One FBI lawyer texted an FBI agent with an apparent joke about a "secret society" and Republicans went crazy. By which I mean, crazier than usual. The problem is that in doing so they have implicitly enforced a set of rules some Republicans themselves frequently, flagrantly violate.
It started with the discovery last summer that FBI agent Peter Strzok had exchanged anti-Donald Trump text messages with a colleague, Lisa Page. Special Counsel Robert Mueller removed Strzok from the Russia investigation team (Page had already left the investigation before the discovery of the texts).
But the agent's prompt dismissal then -- and the Justice Department's announcement Thursday that it had recovered a trove of texts between the two that had gone missing -- hasn't stopped Republicans from trying to use this cooked-up controversy as an excuse to scuttle the entire Mueller probe.
Republicans have been trying to suggest that Strzok is just the tip of the iceberg and, fundamentally, that he couldn't possibly have been impartial and fact-based in the Russia investigation.
Hence conservatives latched onto the "secret society" text, a text that existed for them completely out of context, didn't mention Trump or Republicans at all, was, incidentally, written by Page, not Strzok, and -- as most of us who have ever used our thumbs to tap out a message can probably similarly attest -- was probably a joke.
I myself have texted about being a part of a cult, a gang, a dance crew, an entourage and, yes, even a secret society (I searched my texts). And no, none of these things are true.
Seriously: If you were in "secret society," would you go around texting about it?
Indeed, a chief purveyor of this conspiracy nonsense, Wisconsin Sen. Ron Johnson -- the chairman of the Senate Homeland Security Committee -- had to admit Thursday that the reference to a "secret society" could have been said in jest, not as part of an anti-Trump plot, complete with "off-site" meetings, which he had earlier alleged without proof.
In all, we have been given a window into the crazed desperation of Republicans as they try to protect a presidency that is, at best, messy, and at worst, wreaking long-term havoc on America's principles and policies -- not to mention the political prospects of the GOP. In a singularly weird exchange with CNN's Chris Cuomo Wednesday, Republican Congressman Matt Gaetz -- who, importantly, serves on the Judiciary Committee -- called the then-missing text messages the "greatest coincidence since the immaculate conception." That's just weird. And desperate.
At the same time, what we're not talking about is the overarching implication by some Republicans that a government agent cannot fairly conduct an investigation if that agent is in any way on the other side of the political fence from the person or group he or she is investigating. Should only FBI agents who have never expressed political views at all in any aspect of their lives whatsoever be on the Mueller team?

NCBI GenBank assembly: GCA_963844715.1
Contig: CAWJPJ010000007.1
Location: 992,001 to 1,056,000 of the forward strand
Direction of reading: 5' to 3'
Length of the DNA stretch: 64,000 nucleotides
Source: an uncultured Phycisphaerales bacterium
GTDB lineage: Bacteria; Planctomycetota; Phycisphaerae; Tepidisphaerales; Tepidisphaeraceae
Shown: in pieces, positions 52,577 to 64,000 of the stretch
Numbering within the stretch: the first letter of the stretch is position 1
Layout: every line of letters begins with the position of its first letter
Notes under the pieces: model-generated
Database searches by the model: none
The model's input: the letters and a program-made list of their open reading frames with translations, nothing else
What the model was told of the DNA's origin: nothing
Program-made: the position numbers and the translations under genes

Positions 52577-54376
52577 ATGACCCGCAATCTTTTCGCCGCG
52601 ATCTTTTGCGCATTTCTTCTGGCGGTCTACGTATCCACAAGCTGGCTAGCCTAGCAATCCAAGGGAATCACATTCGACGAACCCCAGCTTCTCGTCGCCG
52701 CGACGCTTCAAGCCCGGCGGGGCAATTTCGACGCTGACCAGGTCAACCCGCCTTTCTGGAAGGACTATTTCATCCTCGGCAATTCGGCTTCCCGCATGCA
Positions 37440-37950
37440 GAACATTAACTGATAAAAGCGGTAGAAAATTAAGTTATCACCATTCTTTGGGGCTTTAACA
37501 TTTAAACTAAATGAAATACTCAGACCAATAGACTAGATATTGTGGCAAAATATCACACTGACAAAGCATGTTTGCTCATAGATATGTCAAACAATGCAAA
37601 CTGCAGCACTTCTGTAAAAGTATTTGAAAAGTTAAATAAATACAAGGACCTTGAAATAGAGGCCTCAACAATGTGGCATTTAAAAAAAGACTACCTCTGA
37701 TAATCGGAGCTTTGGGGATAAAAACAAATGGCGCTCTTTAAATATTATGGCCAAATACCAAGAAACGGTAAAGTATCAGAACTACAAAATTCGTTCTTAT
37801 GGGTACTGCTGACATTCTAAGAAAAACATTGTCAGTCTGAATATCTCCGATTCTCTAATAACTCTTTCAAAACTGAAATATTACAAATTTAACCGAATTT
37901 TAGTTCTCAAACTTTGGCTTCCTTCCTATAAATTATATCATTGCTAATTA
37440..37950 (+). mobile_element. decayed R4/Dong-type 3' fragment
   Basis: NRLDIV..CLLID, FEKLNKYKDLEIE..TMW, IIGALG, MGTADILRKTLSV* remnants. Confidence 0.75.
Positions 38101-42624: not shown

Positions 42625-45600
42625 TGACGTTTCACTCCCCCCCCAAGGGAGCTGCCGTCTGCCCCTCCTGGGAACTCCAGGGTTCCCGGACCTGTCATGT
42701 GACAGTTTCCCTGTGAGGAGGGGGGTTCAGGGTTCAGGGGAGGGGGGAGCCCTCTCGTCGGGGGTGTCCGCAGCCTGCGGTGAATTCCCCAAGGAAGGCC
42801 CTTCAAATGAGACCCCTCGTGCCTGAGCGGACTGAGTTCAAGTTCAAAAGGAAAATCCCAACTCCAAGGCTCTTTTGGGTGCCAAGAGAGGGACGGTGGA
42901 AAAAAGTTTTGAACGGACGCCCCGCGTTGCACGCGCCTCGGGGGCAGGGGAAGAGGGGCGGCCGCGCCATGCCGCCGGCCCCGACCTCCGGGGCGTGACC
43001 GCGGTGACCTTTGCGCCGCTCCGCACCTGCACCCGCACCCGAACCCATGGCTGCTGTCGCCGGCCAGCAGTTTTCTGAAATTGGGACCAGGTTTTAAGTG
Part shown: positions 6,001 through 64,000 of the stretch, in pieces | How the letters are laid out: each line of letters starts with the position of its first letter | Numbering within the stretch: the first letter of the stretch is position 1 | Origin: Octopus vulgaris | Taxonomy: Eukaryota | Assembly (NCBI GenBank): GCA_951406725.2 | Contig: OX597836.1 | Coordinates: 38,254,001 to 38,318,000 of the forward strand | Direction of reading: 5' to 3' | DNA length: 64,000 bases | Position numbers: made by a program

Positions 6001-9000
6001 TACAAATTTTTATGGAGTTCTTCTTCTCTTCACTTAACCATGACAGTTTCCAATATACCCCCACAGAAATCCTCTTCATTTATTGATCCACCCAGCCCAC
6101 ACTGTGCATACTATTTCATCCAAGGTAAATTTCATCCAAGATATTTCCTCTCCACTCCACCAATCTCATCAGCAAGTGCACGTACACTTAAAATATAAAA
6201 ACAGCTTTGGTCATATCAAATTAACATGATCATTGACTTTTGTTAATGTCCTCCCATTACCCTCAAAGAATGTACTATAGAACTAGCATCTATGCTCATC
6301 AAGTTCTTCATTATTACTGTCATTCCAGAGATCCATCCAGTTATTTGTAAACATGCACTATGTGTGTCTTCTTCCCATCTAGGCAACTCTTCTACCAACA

Good luck finding any of those unicorns in America.
Curiously, when Republicans in Congress led drawn out, costly, fishing expedition-like investigation after investigation while President Barack Obama was in office, I didn't hear Republicans chiding themselves for how their partisan bias would skew their investigation.
Similarly, every time Republicans chant about how Hillary Clinton should be investigated and locked up -- which they do with ridiculous frequency even a year after the election -- I somehow don't hear the part where they say she should only be investigated by non-partisan and/or Democratic FBI agents.
Let us note here that former FBI director James Comey was a registered Republican for most of his adult life but that hasn't stopped Republicans from insisting he did not fairly investigate Hillary Clinton in the first place.
The more you look at this, the more it's clear that the problem Republicans have isn't with partisans being in positions of investigative power -- the problem they have is with anyone who is not in lockstep with their agenda being in positions of investigative power.
Republicans are pretending to seek facts and answers but their actions make clear that they just want the facts that fit their agenda.
It doesn't actually matter whether or not Hillary Clinton committed a crime, because Republicans want her to be guilty.
It doesn't actually matter whether Trump's campaign did or didn't collude to influence the election, or whether Trump illegally fired the FBI director, because Republicans want him to be cleared of everything.
In an era where Trump has led half the country to label legitimate facts and information that they simply disagree with or don't like as "fake news," the tactic is spreading. The GOP is now labeling any investigation that isn't spearheaded by Republicans, to serve a Republican agenda, as fake, too.
And for the record, when I write that I think Republicans have formed a secret society for hypocrites, I'm only half joking.
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